He explained that structural proteins form the virus particles, but another type of protein called non-structural proteins are not components of the virus particle. Instead, they are made during the viral infection of the cell. Shi and his co-researchers hypothesized that these non-structural proteins could be used to differentiate one flavivrus from another.

To test this, they developed an assay with seven proteins — the structural Zika envelope protein, widely used in other Zika assays; the non-structural proteins Zika NS1 and Zika NS5; and recombinant dengue NS1 proteins from each of the four serotypes. 

For the testing platform, they chose Luminex's technology, rather than an ELISA format, so that they could perform multiplexing.

They tested their assay on samples from 153 patients known to be infected either with Zika, or dengue, or both. If the patient sample reacted to one of the Zika non-structural proteins, it meant that the patient was infected with Zika, and if the patient sample reacted with the dengue non-structural protein, it meant the patient was infected with dengue. If the patient sample reacted with both the Zika and dengue non-structural proteins, then it suggested the patient had been exposed to both viruses.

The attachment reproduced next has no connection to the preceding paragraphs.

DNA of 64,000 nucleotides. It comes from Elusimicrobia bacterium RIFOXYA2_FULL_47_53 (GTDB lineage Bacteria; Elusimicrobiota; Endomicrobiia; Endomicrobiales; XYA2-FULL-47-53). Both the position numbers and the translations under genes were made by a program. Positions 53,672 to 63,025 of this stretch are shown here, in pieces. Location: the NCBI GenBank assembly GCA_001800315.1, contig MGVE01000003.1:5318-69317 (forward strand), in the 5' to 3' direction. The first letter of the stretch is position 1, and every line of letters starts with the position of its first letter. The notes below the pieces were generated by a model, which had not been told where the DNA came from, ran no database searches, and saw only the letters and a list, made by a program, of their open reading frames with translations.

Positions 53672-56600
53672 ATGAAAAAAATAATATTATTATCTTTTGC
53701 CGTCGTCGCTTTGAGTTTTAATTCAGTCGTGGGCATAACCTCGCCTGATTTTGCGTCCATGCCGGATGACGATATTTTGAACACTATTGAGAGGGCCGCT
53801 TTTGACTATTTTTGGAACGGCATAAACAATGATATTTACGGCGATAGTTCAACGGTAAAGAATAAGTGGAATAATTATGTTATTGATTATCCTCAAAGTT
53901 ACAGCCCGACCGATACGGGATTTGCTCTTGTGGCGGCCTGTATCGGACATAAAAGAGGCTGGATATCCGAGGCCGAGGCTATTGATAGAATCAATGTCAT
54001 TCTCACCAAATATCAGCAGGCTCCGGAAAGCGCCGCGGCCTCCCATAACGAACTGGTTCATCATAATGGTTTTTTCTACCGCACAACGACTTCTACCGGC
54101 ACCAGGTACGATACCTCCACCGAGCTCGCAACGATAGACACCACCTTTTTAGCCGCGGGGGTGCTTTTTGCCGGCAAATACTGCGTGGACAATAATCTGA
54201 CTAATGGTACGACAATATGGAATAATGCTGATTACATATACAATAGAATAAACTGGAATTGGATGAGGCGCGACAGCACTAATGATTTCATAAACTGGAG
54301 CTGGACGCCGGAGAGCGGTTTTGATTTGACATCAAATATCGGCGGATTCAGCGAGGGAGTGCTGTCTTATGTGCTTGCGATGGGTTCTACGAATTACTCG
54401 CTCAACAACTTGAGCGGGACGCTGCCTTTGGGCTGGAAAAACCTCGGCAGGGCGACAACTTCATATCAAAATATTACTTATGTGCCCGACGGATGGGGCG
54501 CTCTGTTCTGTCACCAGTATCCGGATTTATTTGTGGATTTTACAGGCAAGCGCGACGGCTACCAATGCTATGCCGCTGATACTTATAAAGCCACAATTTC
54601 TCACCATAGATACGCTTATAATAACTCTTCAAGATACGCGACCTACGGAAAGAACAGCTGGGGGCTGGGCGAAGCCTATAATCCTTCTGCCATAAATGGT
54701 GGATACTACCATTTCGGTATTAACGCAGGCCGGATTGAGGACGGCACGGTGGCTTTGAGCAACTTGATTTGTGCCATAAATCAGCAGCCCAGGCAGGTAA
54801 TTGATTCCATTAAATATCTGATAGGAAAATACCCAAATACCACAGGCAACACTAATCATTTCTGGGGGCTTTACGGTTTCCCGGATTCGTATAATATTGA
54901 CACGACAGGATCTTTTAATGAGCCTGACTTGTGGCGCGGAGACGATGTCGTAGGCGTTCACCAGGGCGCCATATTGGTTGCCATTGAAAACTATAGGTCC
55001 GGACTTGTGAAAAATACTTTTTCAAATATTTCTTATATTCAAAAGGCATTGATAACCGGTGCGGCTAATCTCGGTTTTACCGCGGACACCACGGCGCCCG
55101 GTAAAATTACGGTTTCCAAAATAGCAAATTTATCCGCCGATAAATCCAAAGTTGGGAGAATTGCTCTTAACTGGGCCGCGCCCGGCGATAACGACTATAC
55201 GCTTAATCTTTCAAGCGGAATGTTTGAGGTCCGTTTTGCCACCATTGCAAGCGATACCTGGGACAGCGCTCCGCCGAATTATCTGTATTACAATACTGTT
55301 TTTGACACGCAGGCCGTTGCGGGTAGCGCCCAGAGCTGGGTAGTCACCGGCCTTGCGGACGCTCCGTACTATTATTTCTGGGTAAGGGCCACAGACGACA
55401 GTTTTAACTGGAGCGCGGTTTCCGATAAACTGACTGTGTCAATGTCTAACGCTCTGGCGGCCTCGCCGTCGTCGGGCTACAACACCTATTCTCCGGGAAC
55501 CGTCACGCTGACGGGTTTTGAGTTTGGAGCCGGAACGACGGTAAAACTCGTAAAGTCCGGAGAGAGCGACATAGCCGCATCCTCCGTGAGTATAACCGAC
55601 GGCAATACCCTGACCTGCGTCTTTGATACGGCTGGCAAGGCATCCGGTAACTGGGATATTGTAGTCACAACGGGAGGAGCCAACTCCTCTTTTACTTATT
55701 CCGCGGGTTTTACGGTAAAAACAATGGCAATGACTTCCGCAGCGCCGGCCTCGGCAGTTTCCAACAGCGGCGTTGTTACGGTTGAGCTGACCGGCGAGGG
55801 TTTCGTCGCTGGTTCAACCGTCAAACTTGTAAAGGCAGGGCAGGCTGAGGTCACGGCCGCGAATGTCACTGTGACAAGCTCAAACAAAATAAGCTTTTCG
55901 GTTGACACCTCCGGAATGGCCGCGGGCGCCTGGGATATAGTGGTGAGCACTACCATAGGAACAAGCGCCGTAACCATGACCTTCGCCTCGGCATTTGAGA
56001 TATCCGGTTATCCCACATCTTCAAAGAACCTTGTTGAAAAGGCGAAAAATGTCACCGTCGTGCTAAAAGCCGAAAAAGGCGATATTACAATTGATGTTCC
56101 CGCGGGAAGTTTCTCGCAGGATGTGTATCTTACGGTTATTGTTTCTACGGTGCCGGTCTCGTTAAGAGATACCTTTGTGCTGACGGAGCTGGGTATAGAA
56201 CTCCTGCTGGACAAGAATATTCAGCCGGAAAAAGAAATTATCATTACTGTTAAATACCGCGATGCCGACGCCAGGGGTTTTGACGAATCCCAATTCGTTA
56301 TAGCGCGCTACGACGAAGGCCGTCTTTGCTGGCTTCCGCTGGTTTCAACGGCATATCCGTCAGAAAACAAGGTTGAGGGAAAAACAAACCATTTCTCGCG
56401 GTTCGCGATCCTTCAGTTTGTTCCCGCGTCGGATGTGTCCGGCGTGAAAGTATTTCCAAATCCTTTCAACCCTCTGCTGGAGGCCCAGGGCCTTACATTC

"Using this, clearly our data says that [our] assay is better than CDC's current assay," Shi said, adding that the test would have use on all populations, including pregnant women, newborns, and men.  

Susan Wong, director of the Wadsworth Center's Diagnostic Immunology Laboratory, said in an email that the assay has been validated with 300 patient samples, while another 800 samples are also part of the validation study, though not all the results have been completed.

Current CDC guidelines call for positive results from an IgM Zika test to be confirmed via a plaque neutralization assay, which can take more than one week to provide test results. The assay developed by Shi and his collaborators, which provides results in 48 hours, has the potential to sidestep that need because of its higher specificity, Shi said.

"Basically, you can replace all the recommended CDC serology assays in a single new assay," he said.

Wong added that the assay results have been compared against the plaque reduction neutralization testing method, and she and her co-researchers will continue to do so once the new assay is used routinely.